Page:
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|System Administration Guide: Devices and File Systems Oracle Solaris 10 1/13 Information Library|
You can access information on removable media with or without using volume management. For information on accessing information on removable media with GNOME's File Manager, see the GNOME desktop documentation.
This following procedures are described in this section:
Table 1-3 Removable Media Names
Most DVDs are formatted to the ISO 9660 standard, which is portable. So, DVDs can be mounted by volume management.
To accommodate possible different formats, a DVD is split into slices. Slices are similar in effect to partitions on hard disks. The 9660 portion is portable. If you are having trouble mounting a DVD, particularly if it is an installation DVD, make sure that its file system is appropriate for your system's architecture. For example, you can check the label on DVD.
Generally, most modern bus types support hot-plugging. This means you can insert a disk in an empty slot and the system recognizes it.
For more information about hot-plugging devices, see Chapter 4, Dynamically Configuring Devices (Tasks).
See your hardware handbook for specific instructions.
# rmformat Looking for devices...
Disabling these services means that you would have to mount all media manually by using the mount command.
If you are not sure whether you have found all users of the media, use the fuser command, see How to Determine If Removable Media Is Still in Use.
Disable removable media services.
# svcadm disable svc:/system/filesystem/volfs:default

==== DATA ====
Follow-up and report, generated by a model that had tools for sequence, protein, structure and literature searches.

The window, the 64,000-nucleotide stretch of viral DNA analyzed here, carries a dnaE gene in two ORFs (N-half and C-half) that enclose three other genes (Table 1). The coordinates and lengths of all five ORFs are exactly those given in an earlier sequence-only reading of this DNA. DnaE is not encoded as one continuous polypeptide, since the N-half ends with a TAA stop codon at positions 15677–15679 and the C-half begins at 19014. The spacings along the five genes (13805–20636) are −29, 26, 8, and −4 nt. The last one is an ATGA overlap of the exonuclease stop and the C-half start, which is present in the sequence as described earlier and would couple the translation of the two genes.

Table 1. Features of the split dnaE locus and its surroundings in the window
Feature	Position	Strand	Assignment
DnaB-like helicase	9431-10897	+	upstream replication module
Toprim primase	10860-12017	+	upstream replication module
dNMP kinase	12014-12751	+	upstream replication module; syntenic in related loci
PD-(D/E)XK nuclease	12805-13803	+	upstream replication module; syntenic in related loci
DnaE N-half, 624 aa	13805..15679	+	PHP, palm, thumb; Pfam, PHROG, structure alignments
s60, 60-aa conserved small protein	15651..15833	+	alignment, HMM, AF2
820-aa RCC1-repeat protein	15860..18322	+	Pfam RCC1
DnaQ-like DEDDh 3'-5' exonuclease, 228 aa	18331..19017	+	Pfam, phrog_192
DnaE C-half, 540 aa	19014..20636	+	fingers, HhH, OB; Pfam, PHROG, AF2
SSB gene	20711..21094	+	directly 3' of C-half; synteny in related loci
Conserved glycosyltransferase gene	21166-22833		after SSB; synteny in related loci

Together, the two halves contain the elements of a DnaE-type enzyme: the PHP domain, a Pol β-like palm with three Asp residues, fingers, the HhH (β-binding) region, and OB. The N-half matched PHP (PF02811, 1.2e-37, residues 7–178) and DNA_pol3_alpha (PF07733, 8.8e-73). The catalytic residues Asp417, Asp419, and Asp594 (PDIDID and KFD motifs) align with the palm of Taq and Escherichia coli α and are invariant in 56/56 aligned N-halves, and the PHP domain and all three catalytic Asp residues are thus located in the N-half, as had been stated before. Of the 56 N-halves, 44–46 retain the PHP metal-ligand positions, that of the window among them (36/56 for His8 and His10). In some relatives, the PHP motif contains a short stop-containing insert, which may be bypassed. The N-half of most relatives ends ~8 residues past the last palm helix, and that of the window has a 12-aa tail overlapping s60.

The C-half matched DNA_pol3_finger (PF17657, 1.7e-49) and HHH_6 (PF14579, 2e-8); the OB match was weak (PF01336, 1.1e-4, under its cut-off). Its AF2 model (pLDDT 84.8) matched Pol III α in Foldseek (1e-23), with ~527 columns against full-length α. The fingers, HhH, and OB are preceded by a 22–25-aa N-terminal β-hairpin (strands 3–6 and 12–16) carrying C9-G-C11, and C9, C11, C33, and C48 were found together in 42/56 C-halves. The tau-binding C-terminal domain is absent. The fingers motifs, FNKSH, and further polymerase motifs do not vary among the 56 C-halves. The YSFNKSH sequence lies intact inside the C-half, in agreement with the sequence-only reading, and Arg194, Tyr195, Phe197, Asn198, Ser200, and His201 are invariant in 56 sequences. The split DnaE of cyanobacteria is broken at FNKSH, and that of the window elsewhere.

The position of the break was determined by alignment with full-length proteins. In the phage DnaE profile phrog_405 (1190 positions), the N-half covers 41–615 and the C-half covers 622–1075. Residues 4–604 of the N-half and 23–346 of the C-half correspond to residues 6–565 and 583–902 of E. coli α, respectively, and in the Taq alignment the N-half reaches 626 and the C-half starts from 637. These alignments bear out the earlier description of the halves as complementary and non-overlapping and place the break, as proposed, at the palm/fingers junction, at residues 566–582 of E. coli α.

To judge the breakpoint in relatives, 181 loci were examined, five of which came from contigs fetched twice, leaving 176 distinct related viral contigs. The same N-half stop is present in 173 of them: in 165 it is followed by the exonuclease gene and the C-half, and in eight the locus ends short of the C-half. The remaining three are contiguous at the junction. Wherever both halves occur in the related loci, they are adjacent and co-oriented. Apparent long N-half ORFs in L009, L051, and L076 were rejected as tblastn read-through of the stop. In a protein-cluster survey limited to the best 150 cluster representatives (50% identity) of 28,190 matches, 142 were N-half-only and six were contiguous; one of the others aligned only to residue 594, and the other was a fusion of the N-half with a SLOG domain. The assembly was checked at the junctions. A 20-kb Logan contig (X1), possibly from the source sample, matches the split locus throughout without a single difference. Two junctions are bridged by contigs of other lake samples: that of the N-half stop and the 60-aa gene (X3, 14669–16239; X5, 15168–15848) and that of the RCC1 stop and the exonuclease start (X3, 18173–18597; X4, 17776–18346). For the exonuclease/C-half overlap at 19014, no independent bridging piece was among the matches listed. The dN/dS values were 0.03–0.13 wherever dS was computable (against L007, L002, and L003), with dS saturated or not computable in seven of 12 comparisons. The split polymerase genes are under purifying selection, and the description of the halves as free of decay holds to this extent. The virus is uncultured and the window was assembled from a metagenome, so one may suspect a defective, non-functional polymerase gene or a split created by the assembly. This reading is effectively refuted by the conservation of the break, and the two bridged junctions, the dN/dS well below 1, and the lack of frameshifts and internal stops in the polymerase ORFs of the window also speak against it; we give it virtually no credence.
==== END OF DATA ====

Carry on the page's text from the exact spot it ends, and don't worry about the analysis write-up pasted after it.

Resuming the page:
Enable removable media services.
# svcadm enable svc:/system/filesystem/volfs:default
# ls /media
Example 1-3 Accessing Information on Removable Media
This example shows how to access information on a USB memory stick.
$ ls /rmdisk rmdisk0/ rmdisk1/
This example shows how to access information on a DVD.
$ ls /cdrom cdrom0 sol_10_811_sparc
# fuser -u /media
The -u displays the user of the media.
For more information, see fuser(1M).
# fuser -u -k /media
The -k option kills the processes accessing the media.
Caution - Killing the processes that are accessing the media should only be used in emergency situations.
# pgrep process-ID
Remember, media is “being used” if a shell or an application is accessing any of its files or directories. If you are not sure whether you have found all users of a DVD (for example, a shell hidden behind a desktop tool might be accessing it), use the fuser command. See How to Determine If Removable Media Is Still in Use.
# eject media
For example, for a DVD, you would do the following:
# eject cdrom
For example, for a USB memory stick, you would do the following:
# eject rmdisk0
Tip - You can view the removable device name with the eject -l command.